Is Navigation Useful? Jakob Nielsen posed that question in an Alertbox article from 2000. He came to the conclusion that “users look straight at the content and ignore the navigation areas.” In essence, navigation is not as important as most designers make it out to be.
That was a major paradigm shift for me. I always thought that the main navigation would be one of the most important elements of a website. I couldn’t believe it, so I set off to look for minimalist websites that didn’t use navigation. Sure enough, I found plenty.
Thanks to reader Leon Paternoster who got me started down this path. After a flurry of emails and a couple of all nighters I even redesigned my own site (now with less, less, LESS!). Of course I had to purge nearly 600 posts and change platforms, but I would guess that you could go sans-menu with much less effort.
Screenshots and commentary
Click a thumbnail to view a larger screenshot and additional commentary. Links below.
- Fresh Squeezed Stories By Edward Pistachio
When you land on this site you will be struck by two things. The beauty of the logo and then then quickly thereafter, the content. It's a site filled with stories, so it should be easy to read. And it is!
- The company website of iA
iA has a unique and highly usable website. There are a few navigational elements below the main content that make up a main menu of sorts. This site is very inspiring and well wortha look.
- The personal blog of Daniel Saxil-Nielsen
This site is left aligned with a big left margin. There are some navigational elements in the sentence above the header graphic. Content is laid out in a pleasing and easily scannable two column format.
- The online journal of Michael Heilemann
Nice wide margins and highly readable text area. There is a curious system of moving through the older posts (click the Older link). The author gets in a little about information towards the footer and then links to relevant areas of the site.
- Single-post-per-page personal website
This site is wonderfully minimalistic. It does have a few navigational elements. Great use of whitespace. I would, however, like to see a meaningful about page. Um, maybe the name of the author?
- Personal Portfolio of Marius Roosendaal
Another great portfolio site with all the images up front. The contact form is on the home page, as it should be for a freelancer.
- Digital Web Portfolio of Brett Nyquist
With a portfolio site you expect the gallery to be right up front with big huge pictures. Brett doesn't let us down. The only navigational element is the Contact/vCard buttons at the top, which is probably what most people visiting the site would be looking for.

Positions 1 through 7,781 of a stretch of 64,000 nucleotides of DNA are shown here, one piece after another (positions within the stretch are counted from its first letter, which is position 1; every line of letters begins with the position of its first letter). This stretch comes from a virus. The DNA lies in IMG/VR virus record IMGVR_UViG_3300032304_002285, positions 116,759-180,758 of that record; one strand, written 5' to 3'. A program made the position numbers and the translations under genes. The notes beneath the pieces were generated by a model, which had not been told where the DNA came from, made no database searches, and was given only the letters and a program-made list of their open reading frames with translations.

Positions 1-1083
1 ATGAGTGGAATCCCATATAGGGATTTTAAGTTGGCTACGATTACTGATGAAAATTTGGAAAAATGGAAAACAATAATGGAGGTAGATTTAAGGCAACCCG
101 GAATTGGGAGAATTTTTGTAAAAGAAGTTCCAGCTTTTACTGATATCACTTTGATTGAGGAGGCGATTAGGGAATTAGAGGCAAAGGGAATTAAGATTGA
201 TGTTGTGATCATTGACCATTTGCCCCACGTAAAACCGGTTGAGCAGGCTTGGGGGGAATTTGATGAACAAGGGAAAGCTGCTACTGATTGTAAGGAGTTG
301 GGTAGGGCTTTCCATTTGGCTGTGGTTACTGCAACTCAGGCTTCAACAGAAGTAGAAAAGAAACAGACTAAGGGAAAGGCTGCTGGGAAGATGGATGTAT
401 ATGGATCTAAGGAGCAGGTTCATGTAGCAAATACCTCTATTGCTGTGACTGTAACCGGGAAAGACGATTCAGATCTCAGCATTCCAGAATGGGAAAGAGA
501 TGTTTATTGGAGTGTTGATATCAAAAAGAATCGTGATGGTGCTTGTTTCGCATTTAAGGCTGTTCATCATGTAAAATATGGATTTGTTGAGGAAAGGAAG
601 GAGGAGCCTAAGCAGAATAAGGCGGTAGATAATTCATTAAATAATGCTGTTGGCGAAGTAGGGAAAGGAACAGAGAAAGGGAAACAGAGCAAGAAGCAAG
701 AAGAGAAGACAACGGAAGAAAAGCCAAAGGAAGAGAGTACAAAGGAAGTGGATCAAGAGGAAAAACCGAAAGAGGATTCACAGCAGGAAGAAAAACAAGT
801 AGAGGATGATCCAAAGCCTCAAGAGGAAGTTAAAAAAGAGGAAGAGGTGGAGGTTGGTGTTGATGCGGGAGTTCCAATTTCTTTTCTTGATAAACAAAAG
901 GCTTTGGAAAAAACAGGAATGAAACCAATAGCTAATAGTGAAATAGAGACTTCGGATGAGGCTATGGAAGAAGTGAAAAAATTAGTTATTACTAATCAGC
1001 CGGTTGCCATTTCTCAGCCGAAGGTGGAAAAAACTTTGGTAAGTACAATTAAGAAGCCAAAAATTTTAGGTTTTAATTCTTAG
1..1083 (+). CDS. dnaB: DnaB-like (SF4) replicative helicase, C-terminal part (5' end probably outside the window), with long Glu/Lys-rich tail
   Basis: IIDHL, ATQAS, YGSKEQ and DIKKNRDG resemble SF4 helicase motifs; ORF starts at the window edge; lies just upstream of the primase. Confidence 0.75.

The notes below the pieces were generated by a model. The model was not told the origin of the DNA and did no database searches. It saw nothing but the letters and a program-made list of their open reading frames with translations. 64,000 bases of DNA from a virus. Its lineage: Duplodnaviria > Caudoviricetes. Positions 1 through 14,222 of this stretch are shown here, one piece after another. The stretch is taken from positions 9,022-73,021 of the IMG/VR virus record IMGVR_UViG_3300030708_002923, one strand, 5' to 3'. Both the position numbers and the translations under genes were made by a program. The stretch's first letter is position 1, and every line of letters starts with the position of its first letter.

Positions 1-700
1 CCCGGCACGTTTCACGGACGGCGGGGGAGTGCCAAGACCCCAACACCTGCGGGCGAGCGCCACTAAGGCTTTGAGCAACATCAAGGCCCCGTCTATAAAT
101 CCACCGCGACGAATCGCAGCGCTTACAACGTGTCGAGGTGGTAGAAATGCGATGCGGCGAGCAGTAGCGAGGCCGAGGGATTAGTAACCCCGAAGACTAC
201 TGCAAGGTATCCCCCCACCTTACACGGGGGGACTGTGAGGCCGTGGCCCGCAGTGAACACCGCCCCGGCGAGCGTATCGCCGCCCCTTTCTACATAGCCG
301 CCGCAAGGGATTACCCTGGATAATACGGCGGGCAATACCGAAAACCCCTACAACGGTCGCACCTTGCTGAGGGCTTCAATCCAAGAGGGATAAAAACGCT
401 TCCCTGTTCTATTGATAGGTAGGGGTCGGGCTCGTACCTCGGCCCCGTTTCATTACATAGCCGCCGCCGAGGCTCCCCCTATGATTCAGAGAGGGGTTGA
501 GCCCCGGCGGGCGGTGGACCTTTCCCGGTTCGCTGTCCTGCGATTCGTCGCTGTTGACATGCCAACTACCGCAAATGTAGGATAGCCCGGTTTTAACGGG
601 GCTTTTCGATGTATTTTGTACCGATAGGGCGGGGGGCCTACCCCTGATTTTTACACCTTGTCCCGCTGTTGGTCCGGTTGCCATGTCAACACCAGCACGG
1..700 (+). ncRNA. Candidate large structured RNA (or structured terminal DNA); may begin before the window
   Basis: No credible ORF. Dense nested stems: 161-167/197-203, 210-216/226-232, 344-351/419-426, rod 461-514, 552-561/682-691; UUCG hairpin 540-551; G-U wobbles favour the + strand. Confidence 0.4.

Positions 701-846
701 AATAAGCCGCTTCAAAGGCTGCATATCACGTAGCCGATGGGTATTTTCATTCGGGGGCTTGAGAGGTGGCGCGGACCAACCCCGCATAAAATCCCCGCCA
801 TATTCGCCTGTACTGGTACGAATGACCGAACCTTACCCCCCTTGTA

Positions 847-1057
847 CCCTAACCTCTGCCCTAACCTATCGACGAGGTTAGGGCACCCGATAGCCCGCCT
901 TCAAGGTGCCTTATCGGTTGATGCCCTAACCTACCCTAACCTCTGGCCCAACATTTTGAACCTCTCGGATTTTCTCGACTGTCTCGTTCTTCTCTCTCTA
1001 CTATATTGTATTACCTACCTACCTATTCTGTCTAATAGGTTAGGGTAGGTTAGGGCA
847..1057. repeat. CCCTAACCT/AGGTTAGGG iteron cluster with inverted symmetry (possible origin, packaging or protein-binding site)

- An art direction and graphic design portfolio
The contact information is right up top. This portfolio site is especially great because the images are HUGE. It's exactly what you would want if you were thinking about hiring them.
- The personal blog of Garrett Murray includes everything you'd expect
Okay waaay down at the bottom there is a menu BUT it's not a major design element (which is why it has been featured here). The links to social sites are incorporated into the content rather than as separate links.
- Plain and simple without being plain and simple
This personal blog ignores the temptation to fill empty space with widgets and archives and, you guessed it, a nav menu. The restraint really paid off.
- This site communicates a lot of information in a beautiful way.
All that text and no menu. Everything is still readable and clear. And the conference is sold out. Does that tell you anything?
- This business website puts all the relevant information up front
Chama Inc. has even managed to get their bios and portfolios on a single page. A lot of design firms struggle to simplify their works with this level of skill.
- 80/20 makes a big impression with very little
This single page site completely summarizes a whole company without the use of a menu. I bet it wasn't easy.
- Landing page for the Designing for the Web book.
This site features complete focus on the product, which is exactly what a landing page should do. The difference is that this landing page looks GREAT.
- The portfolio site of freelance graphic designer Jamie Gregory
The contact information is right up front where you would need it if you were going to hire Jamie. The only navigational element on the site allows you to flip through the portfolio.
Visit the sites
The Binary Bonsai
Inca Un Calator
Five Simple Steps